Most versions of Windows include an electronic 'Filofax'. We explain how to make the most of this feature and keep all vital names, addresses and numbers safe
All popular versions of Windows come with an electronic address book that stores contact information, such as people’s postal address, phone numbers, email addresses, website details and so on. The most recent versions can even add photographs to contact records, as a useful visual aid.
In this Back to Basics, we will explore the tools built in to Windows XP, Vista and 7 to allow you to store contact information about friends, family and business associates. We will explain how to add contacts, manage existing records and then look at the ways these can be used with other programs.
What is Windows Contacts?
Windows Contacts is a program that is included with Windows. It is designed to store names, addresses, phone numbers and other details. In Windows XP, it’s called Address Book, but in Vista and Windows 7 it’s called Windows Contacts and Contacts, respectively.
If you are using XP, click the Start button and then choose All Programs, Accessories and then select Address Book from the menu.
To find someone’s details, either pick their name off the list (if there are only a few contacts) or type it into the empty search box. If using Vista, click the Start button, type Windows Contacts into the Start Search box and then left-click the program when it appears on the menu.
Windows 7 users should click Start, then type Contacts into the Start Search box and then pick the program off the menu. To find a particular contact, scroll through the list or type their name into the Search box at the top right.
Adding a new contact
If using Windows XP, launch the Address Book as described above, click the New button and choose New Contact from the dropdown menu.
When the Properties dialogue box opens, fill in as many details as you like – there are a series of tabs along the top that allow you to, for example, separate personal and business contact information. There are no hard and fast rules governing what to type in here, but the more information you have got, the more useful the record will be.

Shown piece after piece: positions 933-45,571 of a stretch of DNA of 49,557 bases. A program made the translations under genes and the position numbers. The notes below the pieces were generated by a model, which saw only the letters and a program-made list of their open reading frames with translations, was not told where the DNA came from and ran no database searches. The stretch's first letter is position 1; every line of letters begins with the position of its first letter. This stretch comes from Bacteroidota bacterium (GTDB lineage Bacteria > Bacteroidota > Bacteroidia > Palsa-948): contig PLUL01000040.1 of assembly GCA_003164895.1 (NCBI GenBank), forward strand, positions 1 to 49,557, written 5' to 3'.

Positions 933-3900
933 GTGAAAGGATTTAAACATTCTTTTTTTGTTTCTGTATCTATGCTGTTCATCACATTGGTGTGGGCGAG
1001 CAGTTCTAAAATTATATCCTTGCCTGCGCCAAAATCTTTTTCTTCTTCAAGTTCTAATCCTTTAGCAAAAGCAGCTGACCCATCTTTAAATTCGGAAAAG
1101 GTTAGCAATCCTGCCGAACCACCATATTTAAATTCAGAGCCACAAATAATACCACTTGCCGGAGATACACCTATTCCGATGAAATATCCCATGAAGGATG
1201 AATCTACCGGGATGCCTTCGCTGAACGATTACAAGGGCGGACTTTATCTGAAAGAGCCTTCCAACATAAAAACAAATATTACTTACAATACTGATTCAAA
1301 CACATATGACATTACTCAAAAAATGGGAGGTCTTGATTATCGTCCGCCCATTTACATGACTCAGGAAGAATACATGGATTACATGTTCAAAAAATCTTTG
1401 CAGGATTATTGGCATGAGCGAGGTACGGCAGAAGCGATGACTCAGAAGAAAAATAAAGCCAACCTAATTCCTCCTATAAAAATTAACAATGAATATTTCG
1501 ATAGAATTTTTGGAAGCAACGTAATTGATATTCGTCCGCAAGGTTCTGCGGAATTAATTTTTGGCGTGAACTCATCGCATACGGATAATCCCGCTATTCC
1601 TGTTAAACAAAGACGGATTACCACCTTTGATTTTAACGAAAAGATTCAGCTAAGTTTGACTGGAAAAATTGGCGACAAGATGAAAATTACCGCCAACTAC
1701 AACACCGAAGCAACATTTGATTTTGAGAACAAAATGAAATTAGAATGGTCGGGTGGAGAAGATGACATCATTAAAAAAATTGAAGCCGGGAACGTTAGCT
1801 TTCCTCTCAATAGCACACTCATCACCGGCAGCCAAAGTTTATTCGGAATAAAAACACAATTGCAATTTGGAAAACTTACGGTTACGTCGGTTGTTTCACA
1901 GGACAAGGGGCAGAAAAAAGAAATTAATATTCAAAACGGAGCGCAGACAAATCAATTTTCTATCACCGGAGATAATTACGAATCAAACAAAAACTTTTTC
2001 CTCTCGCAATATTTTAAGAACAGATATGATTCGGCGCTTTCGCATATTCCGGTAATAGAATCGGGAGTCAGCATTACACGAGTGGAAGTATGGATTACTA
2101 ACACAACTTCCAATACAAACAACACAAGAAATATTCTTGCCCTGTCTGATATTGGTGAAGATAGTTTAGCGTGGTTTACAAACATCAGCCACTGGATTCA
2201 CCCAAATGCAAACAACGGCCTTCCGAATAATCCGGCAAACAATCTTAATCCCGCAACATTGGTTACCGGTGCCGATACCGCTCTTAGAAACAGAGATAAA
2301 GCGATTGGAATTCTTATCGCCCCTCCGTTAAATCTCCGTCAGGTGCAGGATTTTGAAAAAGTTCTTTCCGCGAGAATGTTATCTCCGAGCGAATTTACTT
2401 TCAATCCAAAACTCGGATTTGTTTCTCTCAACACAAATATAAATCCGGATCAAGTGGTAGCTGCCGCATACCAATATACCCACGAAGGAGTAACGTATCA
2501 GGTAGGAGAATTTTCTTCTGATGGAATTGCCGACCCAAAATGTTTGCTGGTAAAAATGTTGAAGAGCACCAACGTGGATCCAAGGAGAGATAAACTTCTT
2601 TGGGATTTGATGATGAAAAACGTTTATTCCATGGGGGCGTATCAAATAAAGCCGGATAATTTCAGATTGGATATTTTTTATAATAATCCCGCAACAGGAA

At a minimum we would recommend name, email and postal addresses, phone number and website address. More than one email address can be added, and any one can be set as the default.
To do this, type in the first address and click the Add button. Now type an alternative email address and click Add. From the list below, click to select the address you normally use and then click the Set as Default button. When done, click OK to store the details in the Address Book.
Windows Contacts and Contacts are pretty similar. Launch them as described above and click the New Contact button. Fill in the details by working through the tabs.
Although Vista and Windows 7 talk about a ‘preferred’ email address, rather than a default one, it means the same thing. Click the Set Preferred button. You can also add a photograph to go with your contacts – see the mini-workshop at the end of the article for an explanation.
Contacts can be listed individually or arranged into groups. In XP, click the New button and choose New Group. When the Properties dialogue box opens, give the group a name and click Select Members.
Pick the people you want to include from the list in the left-hand column and click Select to add them. Click OK when finished and then OK again to create the group.
In Vista and Windows 7, click the New Contact Group button and when the Properties dialogue box opens, give the group a name, then click Add to Contact Group, select the people to include and click Add.
Then click OK. The new group will appear alongside other contacts. Groups are useful when, for example, you wish to send the same email to more than one recipient – right-click on the group name and choose Action, then Send Mail (or Send Email).
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